• APRIL: Robert Paxton says Trump is pretty much a fascist. Although conditions are different and he doesn’t believe everything the fascists believed. Umberto Eco once said that fascists don’t believe anything, they will say anything and then what they do once in office has nothing to do with what they said.
  • MAY: The situation in Venezuela may be a preview of what the collapse of a modern country looks like.
  • JUNE: Trump may very well have organized crime links. And Moody’s says that if he gets elected and manages to do the things he says, it could crash the economy.
  • JULY: The CIA is just not that good at spying.
  • AUGUST: A former U.S. secretary of defense thinks the risk of nuclear war is higher now than during the cold war. The Republic Party platform appears to be outright in favor of nuclear weapons, while the Democratic Party platform includes a tepid commitment to maybe “reducing reliance” and spending on nuclear weapons. Jeffrey Sachs says the Syria War has become essentially a U.S.-Russia proxy war.
  • SEPTEMBER: The ecological footprint situation is not looking too promising: “from 1993 to 2009…while the human population has increased by 23% and the world economy has grown 153%, the human footprint has increased by just 9%. Still, 75% the planet’s land surface is experiencing measurable human pressures. Moreover, pressures are perversely intense, widespread and rapidly intensifying in places with high biodiversity.” Meanwhile, as of 2002 “we appropriate over 40% of the net primary productivity (the green material) produced on Earth each year (Vitousek et al. 1986, Rojstaczer et al. 2001). We consume 35% of the productivity of the oceanic shelf (Pauly and Christensen 1995), and we use 60% of freshwater run-off (Postel et al. 1996). The unprecedented escalation in both human population and consumption in the 20th century has resulted in environmental crises never before encountered in the history of humankind and the world (McNeill 2000). E. O. Wilson (2002) claims it would now take four Earths to meet the consumption demands of the current human population, if every human consumed at the level of the average US inhabitant.” And finally, 30% of African elephants have been lost in the last 7 years.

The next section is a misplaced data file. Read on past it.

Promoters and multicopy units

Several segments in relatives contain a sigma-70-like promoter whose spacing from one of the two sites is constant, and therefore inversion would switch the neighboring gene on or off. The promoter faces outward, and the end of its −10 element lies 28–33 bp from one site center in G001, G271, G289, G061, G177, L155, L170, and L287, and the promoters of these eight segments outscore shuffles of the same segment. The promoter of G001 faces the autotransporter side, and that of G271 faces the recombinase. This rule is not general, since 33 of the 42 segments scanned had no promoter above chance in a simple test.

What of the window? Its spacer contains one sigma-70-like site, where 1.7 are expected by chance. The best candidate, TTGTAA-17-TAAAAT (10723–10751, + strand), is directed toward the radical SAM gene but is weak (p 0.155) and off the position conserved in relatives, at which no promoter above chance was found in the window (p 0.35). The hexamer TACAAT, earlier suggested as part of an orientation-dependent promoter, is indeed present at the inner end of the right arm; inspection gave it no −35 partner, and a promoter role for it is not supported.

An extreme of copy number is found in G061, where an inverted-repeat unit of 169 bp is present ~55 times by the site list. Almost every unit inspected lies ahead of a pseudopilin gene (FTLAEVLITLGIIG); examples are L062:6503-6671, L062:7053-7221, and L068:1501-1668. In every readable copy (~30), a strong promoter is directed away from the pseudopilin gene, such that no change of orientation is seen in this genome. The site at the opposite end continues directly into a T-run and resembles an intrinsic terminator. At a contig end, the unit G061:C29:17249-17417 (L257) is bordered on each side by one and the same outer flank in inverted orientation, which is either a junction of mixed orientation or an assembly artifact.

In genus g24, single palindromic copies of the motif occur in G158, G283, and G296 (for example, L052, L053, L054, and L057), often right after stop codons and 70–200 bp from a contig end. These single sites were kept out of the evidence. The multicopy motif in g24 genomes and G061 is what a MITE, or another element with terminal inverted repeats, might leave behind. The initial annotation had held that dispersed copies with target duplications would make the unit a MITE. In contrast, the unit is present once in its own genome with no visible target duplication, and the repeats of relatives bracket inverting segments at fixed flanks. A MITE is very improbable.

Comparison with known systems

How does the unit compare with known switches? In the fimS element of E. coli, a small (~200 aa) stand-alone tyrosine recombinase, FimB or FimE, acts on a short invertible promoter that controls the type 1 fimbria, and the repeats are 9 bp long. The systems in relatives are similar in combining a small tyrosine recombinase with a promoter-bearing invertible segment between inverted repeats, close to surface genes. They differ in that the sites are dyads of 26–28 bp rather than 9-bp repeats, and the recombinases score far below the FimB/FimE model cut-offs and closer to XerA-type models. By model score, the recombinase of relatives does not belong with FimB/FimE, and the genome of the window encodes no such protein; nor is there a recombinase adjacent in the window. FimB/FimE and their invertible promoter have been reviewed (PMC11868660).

• OCTOBER: According to James Hansen, the world needs “negative” greenhouse gas emissions right away, meaning an end to fossil fuel burning and improvements to agriculture, forestry, and soil conservation practices to absorb carbon. Part of the current problem is unexpected and unexplained increases in methane concentrations in the atmosphere.
  • NOVEMBER: Is there really any doubt what the most frightening story of November 2016 was? The United Nations Environment Program says we are on a track for 3 degrees C over pre-industrial temperatures, not the “less than 2” almost all serious people (a category that excludes 46% of U.S. voters, apparently) agree is needed. This story was released before the U.S. elected an immoral science denier as its leader. One theory is that our culture has lost all ability to separate fact from fiction. Perhaps states could take on more of a leadership role if the federal government is going to be immoral? Washington State voters considered a carbon tax that could have been a model for other states, and voted it down, in part because environmental groups didn’t like that it was revenue neutral. Adding insult to injury, WWF released its 2016 Living Planet Report, which along with more fun climate change info includes fun facts like 58% of all wild animals have disappeared. There is a 70-99% chance of a U.S. Southwest “mega-drought” lasting 35 years or longer this century. But don’t worry, this is only “if emissions of greenhouse gases remain unchecked”. Oh, and climate change is going to begin to strain the food supply worldwide, which is already strained by population, demand growth, and water resources depletion even without it.
  • DECEMBER: The geopolitical situation is not good. If Russia did hack the U.S. election, it wouldn’t be the first election they have hacked. The wars in Afghanistan and Iraq are not over, and the rest of the greater Middle East is increasingly a mess.

Most Hopeful Stories of the Year

Most Interesting Stories of the Year

  • JANUARY: The World Economic Forum focused on technology: “The possibilities of billions of people connected by mobile devices, with unprecedented processing power, storage capacity, and access to knowledge, are unlimited. And these possibilities will be multiplied by emerging technology breakthroughs in fields such as artificial intelligence, robotics, the Internet of Things, autonomous vehicles, 3-D printing, nanotechnology, biotechnology, materials science, energy storage, and quantum computing.”
  • FEBRUARYTitanium dioxide is the reason Oreo filling is so white.
  • MARCH: Michael Pollan urged us to eat food. not too much. mostly psychedelic mushrooms.
  • APRIL: Genes can now be programmed just like circuits.
  • MAY: The world has about a billion dogs.
  • JUNE: Switzerland finished an enormous tunnel through the Alps that took 20 years to build.
  • JULY: I was a little side-tracked by U.S. Presidential politics. Nate Silver launched his general election site, putting the odds about 80-20 in favor of Hillary at the beginning of the month. The odds swung toward Trump over the course of the month as the two major party conventions took place (one in my backyard), but by the end of the month they were back to about 70-30 in favor of Hillary. During the month I mused about NAFTA, the fall of the Republic, the banana republicThe Art of the Deal, how to debate Trump, and Jon Stewart.
  • AUGUST: Here is a short video explaining the Fermi Paradox, which asks why there are no aliens. Meanwhile Russian astronomers are saying there might be aliens.